Prior work moves to an online setting and improves DS model by using machine learning model predictions as image prior $$p(y_i)$$, opening up the window of incorporating machine learner and DS model. However, they only perform experiments in a small-scale setting. We ask ourselves: How many annotations can we possibly reduce to annotate a large scale image classification dataset, such as ImageNet?

### Testbed: ImageNet100 Sandbox

Evaluating and ablating multi-class label annotation efficiency at scale requires large datasets with diverse and relatively clean labels. We construct multiple subsets of the ImageNet dataset for our experiments. The following table shows the details of the different subsets in ImageNet100 Sandbox.

Dataset #Images #Classes Worker Acc. Fine-Grained
Commodity 20140 16 0.76
Vertebrate 23220 18 0.72
Insect + Fungus 16770 13 0.65 V
Dog 22704 19 0.43 V
ImageNet100 125689 100 0.7 V

Prior work simulates workers as confusion matrices. Class confusion was modeled with symmetric uniform noise, which can result in over-optimistic performance estimates. Human annotators exhibit asymmetric and structured confusion i.e., classes get confused with each other differently. In Fig.1, we compare the number of annotations per image in simulation using uniform label noise vs. structured label noise that we crowdsource. We see significant gaps between the two. This arises particularly when using learnt models in the loop due to sensitivity to noisy labels coming from structured confusion in the workers. Therefore, we use simulated workers with structured noise in ImageNet100 Sandbox.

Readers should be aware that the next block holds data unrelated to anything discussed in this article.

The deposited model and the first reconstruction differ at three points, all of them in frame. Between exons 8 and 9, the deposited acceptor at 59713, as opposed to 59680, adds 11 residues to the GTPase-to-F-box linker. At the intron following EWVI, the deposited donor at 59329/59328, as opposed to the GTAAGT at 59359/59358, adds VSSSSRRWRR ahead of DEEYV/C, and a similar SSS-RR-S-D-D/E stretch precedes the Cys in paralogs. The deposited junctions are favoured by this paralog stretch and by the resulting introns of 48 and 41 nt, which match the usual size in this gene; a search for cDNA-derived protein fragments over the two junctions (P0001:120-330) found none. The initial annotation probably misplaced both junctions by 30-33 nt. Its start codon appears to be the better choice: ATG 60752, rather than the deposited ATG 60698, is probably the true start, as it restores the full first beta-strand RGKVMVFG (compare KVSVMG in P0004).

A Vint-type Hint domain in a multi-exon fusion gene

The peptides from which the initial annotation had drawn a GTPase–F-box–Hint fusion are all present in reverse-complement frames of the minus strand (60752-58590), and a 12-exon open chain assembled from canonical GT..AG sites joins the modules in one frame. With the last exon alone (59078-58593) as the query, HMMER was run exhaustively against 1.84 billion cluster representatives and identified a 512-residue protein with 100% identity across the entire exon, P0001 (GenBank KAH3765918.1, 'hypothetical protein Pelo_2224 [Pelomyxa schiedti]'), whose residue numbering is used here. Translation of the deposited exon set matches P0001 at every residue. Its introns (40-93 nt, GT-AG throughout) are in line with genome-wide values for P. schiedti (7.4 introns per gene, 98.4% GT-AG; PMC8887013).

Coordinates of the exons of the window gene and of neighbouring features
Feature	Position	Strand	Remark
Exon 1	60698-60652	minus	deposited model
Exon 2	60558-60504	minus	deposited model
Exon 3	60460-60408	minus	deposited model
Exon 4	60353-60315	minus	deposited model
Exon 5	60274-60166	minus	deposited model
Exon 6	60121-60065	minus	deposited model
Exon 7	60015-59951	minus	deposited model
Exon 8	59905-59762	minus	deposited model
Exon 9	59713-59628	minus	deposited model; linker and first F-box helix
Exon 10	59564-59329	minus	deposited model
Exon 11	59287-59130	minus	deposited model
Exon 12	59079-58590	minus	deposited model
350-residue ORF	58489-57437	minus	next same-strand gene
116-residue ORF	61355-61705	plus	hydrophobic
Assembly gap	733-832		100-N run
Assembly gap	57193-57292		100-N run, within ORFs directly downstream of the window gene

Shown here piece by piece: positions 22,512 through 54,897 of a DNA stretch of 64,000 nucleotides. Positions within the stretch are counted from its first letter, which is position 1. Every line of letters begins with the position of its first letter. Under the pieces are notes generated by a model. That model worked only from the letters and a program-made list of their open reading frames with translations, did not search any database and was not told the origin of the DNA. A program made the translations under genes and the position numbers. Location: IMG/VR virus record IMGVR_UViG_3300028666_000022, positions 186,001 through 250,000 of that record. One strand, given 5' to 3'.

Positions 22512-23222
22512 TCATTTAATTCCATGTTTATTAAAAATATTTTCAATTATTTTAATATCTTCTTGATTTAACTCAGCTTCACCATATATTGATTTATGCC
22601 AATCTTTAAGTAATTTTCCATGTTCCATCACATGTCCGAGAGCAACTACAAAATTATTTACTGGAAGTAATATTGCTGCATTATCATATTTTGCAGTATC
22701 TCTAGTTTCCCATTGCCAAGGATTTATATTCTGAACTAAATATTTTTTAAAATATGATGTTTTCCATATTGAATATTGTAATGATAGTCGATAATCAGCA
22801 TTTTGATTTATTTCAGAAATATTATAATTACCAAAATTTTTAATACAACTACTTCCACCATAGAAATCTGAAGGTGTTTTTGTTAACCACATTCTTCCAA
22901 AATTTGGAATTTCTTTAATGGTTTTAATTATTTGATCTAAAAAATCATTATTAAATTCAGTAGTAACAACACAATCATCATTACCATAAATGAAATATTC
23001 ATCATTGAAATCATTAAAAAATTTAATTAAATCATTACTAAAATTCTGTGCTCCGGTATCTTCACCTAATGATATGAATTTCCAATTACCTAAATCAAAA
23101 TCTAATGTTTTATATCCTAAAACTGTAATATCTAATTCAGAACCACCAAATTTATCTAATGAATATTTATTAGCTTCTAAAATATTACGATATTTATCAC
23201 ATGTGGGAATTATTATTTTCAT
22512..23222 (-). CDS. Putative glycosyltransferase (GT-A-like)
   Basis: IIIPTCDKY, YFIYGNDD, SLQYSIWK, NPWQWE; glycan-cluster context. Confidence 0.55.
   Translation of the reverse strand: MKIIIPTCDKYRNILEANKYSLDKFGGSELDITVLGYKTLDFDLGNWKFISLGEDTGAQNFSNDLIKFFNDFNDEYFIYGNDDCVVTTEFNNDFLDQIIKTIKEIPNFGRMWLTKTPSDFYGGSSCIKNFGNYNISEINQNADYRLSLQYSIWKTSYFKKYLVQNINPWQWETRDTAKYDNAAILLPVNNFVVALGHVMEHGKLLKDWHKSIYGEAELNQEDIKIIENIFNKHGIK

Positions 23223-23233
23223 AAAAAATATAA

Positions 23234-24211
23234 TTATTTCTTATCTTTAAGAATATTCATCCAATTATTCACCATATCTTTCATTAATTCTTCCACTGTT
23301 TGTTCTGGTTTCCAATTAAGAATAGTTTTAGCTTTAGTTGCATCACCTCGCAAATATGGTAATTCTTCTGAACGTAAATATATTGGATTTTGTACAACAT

We simulate the process of annotating ImageNet100 and perform various ablation on the system, spanning from models, workers, and data itself. We end up being 2.7x efficient (w/ 63% less annotations) w.r.t prior work and 6.7x efficient (w/ 85% less annotations) w.r.t. manual annotations .

In the following, we show how each component affects the final efficiency:

# Matters of Model Learning

### Online-Labeling is a Semi-Supervised Problem

During online-labeling, the goal is to infer true labels for all images in the dataset, making model learning akin to transductive learning , where the test set is observed and can be used for learning. Thus, it is reasonable to expect efficiency gains if the dataset’s underlying structure is exploited by putting the unlabeled data to work, using semi-supervised learning. In Fig.2 we perform Peudolabel and Mixmatch in online-labeling.